Tag Archives: Facts for the Foolkiller


Balladeer’s Blog continues its examination of the many facets of Fool Killer lore. FOR PART ONE, INCLUDING THE HISTORICAL CONTEXT, CLICK HERE

Fool Killer cop USEPART FOURTEEN: FACTS FOR THE FOOL-KILLER (1909) by Ridgway Hill.

This rendition of the Fool Killer (I prefer no hyphen) is virtually a reinvention. It not only revises his garb and approach to his mission but it marks the first time the figure is depicted in action outside of the South.

Before I address Facts For The Fool-Killer I want to clarify something. I know that the Joel Chandler Harris tale Flingin’ Jim and His Fool-Killer was published in 1902 as part of The Making of a Statesman and Other Stories. However, that story – set in 1872 Georgia – does not feature the folk figure called the Fool Killer. The title refers to a piece of old grapeshot that Flingin’ Jim throws at people to kill them.

The victims of that “Fool-Killer” are a) William Dukes, an evil former plantation owner spitefully keeping a pair of young lovers separated and b) An unnamed black man who was trying to criminally assault Ann Briscoe, the heroine of the story. William Dukes’ brother receives a non-fatal beating from a hickory walking stick.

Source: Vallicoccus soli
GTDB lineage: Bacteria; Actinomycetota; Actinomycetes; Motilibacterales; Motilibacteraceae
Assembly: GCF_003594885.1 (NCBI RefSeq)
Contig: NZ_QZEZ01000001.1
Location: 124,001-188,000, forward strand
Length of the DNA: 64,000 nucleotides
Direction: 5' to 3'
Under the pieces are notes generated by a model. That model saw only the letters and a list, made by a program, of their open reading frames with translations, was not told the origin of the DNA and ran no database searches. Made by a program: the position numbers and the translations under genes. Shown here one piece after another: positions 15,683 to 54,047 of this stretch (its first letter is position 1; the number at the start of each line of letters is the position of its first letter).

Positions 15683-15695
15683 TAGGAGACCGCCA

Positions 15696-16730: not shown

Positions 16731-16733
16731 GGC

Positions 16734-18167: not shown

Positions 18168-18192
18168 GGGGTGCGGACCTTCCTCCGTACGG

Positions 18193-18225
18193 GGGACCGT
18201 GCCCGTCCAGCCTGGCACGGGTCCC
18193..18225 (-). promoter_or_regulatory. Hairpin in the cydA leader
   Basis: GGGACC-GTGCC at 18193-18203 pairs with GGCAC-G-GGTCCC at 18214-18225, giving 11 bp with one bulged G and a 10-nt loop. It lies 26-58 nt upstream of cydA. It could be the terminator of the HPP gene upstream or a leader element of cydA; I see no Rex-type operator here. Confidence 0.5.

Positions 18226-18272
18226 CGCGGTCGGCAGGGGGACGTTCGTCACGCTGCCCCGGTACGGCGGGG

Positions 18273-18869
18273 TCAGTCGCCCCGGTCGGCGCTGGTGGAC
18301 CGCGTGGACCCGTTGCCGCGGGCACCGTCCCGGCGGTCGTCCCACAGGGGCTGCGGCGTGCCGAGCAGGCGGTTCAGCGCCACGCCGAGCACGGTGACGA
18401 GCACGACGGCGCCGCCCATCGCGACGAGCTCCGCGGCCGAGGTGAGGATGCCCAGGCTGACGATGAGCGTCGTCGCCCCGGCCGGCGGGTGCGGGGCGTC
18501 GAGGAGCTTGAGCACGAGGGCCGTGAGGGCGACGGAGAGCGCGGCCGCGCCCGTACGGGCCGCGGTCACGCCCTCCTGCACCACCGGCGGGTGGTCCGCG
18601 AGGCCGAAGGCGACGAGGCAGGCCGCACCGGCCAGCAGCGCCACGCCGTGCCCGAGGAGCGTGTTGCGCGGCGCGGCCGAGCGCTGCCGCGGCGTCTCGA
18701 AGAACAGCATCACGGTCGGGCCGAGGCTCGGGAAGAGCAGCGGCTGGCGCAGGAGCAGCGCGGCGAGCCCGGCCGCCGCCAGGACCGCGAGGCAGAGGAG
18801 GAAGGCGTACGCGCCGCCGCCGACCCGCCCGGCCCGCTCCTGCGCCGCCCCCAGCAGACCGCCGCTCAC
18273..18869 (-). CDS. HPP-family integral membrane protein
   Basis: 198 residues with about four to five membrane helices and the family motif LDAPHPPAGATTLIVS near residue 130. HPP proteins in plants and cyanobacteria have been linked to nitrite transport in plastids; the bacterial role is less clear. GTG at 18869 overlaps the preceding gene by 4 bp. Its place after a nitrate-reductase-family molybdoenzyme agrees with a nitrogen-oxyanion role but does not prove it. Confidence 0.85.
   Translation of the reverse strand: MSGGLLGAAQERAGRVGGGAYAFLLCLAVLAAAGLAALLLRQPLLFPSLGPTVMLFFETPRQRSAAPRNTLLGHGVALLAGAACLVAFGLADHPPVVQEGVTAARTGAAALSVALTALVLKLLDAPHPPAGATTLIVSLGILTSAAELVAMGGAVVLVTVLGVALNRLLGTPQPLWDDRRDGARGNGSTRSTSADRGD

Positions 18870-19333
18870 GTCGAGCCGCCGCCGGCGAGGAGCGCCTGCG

Cop tall helmetFacts For The Fool-Killer finds the fictional character operating from Buffalo, NY and vicinity. The Fool Killer now wears the blue uniform and tall helmet of a turn-of-the-century policeman and wields a police officer’s billy-club in lieu of his usual club/ walking stick/ cudgel. Continue reading


Filed under Mythology, Neglected History